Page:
Phoretic mites (Rhinoseius spp.) in Apodiformes from Cerrado and Pantanal Biomes in midwestern Brazil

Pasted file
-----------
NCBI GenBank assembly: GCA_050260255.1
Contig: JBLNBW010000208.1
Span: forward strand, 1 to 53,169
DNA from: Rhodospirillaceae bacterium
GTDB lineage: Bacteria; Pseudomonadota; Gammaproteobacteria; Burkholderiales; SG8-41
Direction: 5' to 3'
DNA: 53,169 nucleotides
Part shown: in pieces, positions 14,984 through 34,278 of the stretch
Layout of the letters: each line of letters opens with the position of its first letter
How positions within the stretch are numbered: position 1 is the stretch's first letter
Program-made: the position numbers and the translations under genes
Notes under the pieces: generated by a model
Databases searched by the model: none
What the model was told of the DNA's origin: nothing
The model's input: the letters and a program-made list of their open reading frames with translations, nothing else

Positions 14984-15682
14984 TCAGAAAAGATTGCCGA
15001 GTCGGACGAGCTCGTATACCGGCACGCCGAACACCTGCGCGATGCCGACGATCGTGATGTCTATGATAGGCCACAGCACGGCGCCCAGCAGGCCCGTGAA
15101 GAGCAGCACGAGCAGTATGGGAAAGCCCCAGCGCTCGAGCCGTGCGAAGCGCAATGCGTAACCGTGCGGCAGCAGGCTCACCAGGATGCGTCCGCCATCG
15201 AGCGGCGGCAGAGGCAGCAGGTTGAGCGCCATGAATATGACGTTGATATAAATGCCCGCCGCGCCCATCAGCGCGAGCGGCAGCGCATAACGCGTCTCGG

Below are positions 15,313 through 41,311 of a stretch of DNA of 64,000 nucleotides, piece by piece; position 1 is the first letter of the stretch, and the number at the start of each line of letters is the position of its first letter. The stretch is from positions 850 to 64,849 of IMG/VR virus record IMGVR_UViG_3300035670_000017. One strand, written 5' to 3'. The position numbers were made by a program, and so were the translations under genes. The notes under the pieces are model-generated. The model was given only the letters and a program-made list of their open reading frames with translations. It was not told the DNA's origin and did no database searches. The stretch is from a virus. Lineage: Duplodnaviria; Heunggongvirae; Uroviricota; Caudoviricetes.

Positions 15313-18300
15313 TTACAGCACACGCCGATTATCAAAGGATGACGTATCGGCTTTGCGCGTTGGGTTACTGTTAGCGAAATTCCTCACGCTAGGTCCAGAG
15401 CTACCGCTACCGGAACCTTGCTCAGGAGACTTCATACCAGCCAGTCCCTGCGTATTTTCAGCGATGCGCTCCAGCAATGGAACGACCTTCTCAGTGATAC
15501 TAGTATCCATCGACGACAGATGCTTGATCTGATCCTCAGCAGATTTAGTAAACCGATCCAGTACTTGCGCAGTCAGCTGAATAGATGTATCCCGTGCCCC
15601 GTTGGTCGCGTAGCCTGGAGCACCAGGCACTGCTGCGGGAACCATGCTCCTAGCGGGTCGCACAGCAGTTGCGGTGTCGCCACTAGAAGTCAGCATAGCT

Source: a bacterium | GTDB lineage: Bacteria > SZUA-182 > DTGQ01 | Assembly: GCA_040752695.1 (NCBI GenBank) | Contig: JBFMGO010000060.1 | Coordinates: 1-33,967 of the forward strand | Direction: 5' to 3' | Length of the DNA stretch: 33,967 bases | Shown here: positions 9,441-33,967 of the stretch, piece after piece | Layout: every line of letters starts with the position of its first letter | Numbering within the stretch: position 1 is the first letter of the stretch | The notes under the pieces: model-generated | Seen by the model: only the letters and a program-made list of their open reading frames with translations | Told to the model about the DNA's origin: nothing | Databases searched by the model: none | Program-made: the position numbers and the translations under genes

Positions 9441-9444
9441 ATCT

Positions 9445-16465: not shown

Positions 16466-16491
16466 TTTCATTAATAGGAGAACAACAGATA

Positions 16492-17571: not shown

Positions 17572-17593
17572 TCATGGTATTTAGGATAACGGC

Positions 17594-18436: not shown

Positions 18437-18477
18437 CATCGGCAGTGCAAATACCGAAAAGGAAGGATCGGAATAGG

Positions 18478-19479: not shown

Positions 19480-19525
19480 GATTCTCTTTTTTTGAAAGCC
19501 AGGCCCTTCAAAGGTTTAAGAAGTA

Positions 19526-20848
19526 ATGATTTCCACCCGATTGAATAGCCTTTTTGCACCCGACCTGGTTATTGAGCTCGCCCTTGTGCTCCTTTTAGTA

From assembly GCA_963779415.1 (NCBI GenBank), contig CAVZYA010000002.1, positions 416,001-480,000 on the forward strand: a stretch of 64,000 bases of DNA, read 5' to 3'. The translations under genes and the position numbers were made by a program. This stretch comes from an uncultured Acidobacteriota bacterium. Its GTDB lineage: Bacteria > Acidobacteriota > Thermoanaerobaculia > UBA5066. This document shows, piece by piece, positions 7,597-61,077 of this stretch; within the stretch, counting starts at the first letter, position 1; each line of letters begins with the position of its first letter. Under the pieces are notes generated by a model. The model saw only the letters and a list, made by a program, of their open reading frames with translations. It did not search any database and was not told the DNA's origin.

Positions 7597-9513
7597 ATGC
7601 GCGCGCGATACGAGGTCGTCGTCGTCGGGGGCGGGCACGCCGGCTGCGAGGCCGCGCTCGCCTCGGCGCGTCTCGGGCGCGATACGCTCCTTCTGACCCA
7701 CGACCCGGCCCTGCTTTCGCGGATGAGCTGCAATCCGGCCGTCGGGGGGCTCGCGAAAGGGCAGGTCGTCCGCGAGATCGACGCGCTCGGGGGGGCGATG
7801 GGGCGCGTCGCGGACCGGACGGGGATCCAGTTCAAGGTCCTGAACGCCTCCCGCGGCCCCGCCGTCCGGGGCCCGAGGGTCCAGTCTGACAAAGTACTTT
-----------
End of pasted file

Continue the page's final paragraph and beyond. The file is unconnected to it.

Abstract Nasal mites are commonly found in hummingbirds (Apodiformes). In most cases, endoparasitic mites were reported to parasitize the respiratory system, particularly the anterior nasal chambers, larynx, trachea, lungs, and the air and conjunctival sacs. However, some mites are only carried by hummingbirds, because flowers serving as a nutrient source for these small mites, such as for Apodiformes, a tropical nectar-feeding in their natural habitat. From August 2012 to May 2014, humminbirds were captured using mist nets, and examined for the presence of nasal mites (identified according to specific keys) in the Pantanal, and Cerrado biomes, from the Mato Grosso state, midwestern Brazil. Overall, 76 Apodiform specimens, from the Trochilidae family were captured, and 20 female nasal mites, identified as being from the Rhinoseius genus, were collected from eight hosts (10.5%), of the following species: Amazilia fimbriata, Amazilia versicolor, Eupetonema macroura, and Thalurania furcata. The Rhinoseius spp. has been reported on, in many ecosystems in the Americas, including Brazil, however, this is the first report on Apodiformes from the Pantanal biome. Phoretic mites are not responsible for direct damage to the population of Apodiformes, as they are not pathogenic. However, they compete for food with hummingbirds and decrease the quantity of food available in the environment. They also affect the reproductive dynamics of plants, feed on pollen, and interfere with the intricacies of the biodiversity where they live.